Summer Eats: The Classic BLT

Giant Sandwich

The genius of the sandwich is multifaceted. First, no utensils are required. This applies not only to consuming the meal but to transporting it as well. Wrap it in a napkin and you’ve got lunch and your lap covered. Second, you are able to disperse the ingredients between pieces of bread to fairly accurately provide a calculated and consistent taste in each bite. This is nearly impossible to accomplish on a plate without baking the ingredients of a meal together as in a quiche or lasagna (and even then they usually fall apart). A dumpling? A pasty? You might conjecture. Each arguably a different road to the center of Sandwichville!

Club SandwichNext, the combination of contents is infinite: cured meats, aged cheeses, fresh greens, roasted vegetables, tomatoes, onions, and condiments galore. There are sandwiches made of leftovers that are better than the meal itself!

Then there are the signature sandwiches that took the medium from newfangled convenience to art form: Porchetta, Pastrami on Rye, the French Dip, the Tuna Melt, the Cubano, the Club, the Cheeseburger, and (the prize of the Midwest) the BLT. I’m not going to try to explain why this simple combination reigns supreme—it just does. My roommate moved in, nearly four years ago, a vegetarian; today she eats BLTs. No other meat, mind you, just BLTs. This is but one example of a profound truth.

I’ve had other BLTs, in restaurants, that give The Classic a run for its money. However these suped-up rivals with their custom ingredients are another animal, so to speak. A fine example haunts me, palate and soul, for the 51 weeks a year I spend away from it: the Fried Green Tomato BLT at A Slice of Life in Oak Bluffs on Martha’s Vineyard. I couldn’t possibly overstate the genius of this sandwich. It is one of the great miracles of food, but it’s nothing to aim for at home. Here is my method for assembling the best BLT one can make from ingredients available in any American supermarket—The Classic BLT.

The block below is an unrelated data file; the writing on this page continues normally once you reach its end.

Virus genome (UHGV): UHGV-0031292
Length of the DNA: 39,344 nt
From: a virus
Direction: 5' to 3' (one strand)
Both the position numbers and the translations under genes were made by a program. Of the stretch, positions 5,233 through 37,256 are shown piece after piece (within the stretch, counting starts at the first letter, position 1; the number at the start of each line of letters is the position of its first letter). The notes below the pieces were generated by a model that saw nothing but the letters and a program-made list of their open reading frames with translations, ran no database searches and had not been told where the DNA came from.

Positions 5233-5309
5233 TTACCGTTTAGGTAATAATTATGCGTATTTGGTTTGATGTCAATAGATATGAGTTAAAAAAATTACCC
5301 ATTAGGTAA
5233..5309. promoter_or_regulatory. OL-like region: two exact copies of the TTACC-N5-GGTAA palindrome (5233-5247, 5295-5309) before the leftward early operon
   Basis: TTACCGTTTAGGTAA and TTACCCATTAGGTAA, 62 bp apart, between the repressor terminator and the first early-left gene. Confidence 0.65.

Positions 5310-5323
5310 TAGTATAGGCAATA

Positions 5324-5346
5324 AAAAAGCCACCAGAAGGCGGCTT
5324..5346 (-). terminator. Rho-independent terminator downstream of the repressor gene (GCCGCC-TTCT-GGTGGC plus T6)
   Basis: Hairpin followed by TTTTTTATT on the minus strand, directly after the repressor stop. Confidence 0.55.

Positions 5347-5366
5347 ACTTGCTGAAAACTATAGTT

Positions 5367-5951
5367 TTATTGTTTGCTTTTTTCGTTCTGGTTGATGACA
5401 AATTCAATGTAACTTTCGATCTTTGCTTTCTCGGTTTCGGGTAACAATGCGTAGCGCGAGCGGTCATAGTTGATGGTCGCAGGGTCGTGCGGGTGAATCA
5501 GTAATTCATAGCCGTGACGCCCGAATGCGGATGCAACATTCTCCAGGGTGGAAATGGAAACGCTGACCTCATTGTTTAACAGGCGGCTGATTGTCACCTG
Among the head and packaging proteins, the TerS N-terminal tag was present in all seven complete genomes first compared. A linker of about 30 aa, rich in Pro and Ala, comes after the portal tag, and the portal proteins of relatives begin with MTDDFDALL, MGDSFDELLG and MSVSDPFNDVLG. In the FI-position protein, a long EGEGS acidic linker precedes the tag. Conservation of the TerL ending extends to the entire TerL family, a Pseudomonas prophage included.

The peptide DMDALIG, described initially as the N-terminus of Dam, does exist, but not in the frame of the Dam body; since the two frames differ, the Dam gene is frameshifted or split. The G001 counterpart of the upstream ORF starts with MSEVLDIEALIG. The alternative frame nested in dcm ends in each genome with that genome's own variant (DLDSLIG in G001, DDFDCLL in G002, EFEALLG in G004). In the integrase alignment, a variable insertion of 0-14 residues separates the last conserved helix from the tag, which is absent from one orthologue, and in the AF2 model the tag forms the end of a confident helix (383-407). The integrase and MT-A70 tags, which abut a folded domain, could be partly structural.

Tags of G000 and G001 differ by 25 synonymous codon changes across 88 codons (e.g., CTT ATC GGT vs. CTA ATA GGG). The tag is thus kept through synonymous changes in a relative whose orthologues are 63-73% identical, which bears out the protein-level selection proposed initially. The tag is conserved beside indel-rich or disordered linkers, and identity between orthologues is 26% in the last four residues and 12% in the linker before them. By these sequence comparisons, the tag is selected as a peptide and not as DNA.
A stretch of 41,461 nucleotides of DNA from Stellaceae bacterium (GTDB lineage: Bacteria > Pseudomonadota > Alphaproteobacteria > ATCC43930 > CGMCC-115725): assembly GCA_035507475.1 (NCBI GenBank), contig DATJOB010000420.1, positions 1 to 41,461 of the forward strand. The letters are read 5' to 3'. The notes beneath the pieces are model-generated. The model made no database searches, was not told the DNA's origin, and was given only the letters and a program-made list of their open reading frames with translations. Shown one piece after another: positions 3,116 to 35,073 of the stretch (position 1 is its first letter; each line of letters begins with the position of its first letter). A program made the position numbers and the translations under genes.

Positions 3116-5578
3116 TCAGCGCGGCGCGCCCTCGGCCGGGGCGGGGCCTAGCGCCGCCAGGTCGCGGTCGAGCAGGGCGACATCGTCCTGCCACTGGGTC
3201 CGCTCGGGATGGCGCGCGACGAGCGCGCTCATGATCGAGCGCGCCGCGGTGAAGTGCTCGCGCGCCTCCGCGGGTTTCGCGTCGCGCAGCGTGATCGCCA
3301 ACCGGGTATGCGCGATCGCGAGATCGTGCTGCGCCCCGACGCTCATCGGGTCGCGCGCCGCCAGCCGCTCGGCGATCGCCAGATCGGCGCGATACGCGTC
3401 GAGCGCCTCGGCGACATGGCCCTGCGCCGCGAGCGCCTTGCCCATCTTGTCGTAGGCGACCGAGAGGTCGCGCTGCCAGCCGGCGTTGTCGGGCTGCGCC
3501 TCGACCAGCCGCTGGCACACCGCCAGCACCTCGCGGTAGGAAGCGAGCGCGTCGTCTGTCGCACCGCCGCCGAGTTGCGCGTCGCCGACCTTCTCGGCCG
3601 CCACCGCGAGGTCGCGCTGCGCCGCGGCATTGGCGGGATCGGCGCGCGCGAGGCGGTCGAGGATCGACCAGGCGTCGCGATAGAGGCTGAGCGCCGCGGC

A non-stick or cast iron skillet, a large plate, paper towels, a wooden spatula, a legume cleaver or Chef’s knife, a butter knife, plenty of napkins.


Hellmann’s Real Mayonnaise

A WORD ON MAYONNAISE: In the US mayonnaise is not exactly a staple of the daily diet and therefore not usually worth the trouble of making home batches. Unfortunately most Americans understand mayonnaise to be interchangeable with Miracle Whip (which is not, by the way, one of the great miracles of food). Miracle Whip is to real mayonnaise what Reddi-Wip is to crème fraîche. Hellmann’s (to extend the comparison) is freshly whipped heavy cream—not quite the same thing, but far from adding insult to injury.

It doesn’t hurt that the recipe, as well as the concept of ready-made mayonnaise in a jar, originated at a delicatessen on New York City’s Upper West Side. For real, “Bring out the Hellmann’s and bring out the BEST!”


As with any recipe, the quality of the finished product rests on its ingredients. Technically any combination of the B the L and the T will qualify. I prefer crispy smoked bacon, crunchy Boston lettuce, and a nicely ripened vine tomato thinly sliced. And I chose a par-baked baguette freshly warmed in my oven for the bread. Toasted enriched white bread from the store will do in a pinch. Choose well and indulge your preferences.


Frying your bacon is the first step. I like to let mine rest on paper towel once it’s cooked to absorb to excess grease, if you believe such a thing exists. Next wash your lettuce and slice your tomato. Last, though certainly not least, warm or toast your bread. Texture is everything!



Layer a bed of lettuce on the bottom piece of bread, but no mayonnaise yet (otherwise your foundation will become slippery). Fan out your tomato slices on top of the lettuce. I like to salt and pepper the tomatoes at this point. Next arrange your bacon as evenly as you can atop the tomatoes. Now apply mayonnaise liberally to the underside of the top piece of bread (bacon, if crispy, won’t slide around as easily as lettuce might) and place it on top of the stack.  Et voilà! Prêt-a-manger!


cornichonsDepending on your appetite for bacon, you may have to apply force evenly to compress the height of your BLT to an approachable level. The Classic can be a meal in itself or you can indulge further with a side of potato salad or coleslaw. (I like a few cornichons on the plate; then again I always like a few cornichons!) The only challenge, in my experience, is getting all of the BLT in my mouth and not on my shirt. Good luck with that.


Hillery eventually learned not to say everything that came to mind. Some were too good not to write down.

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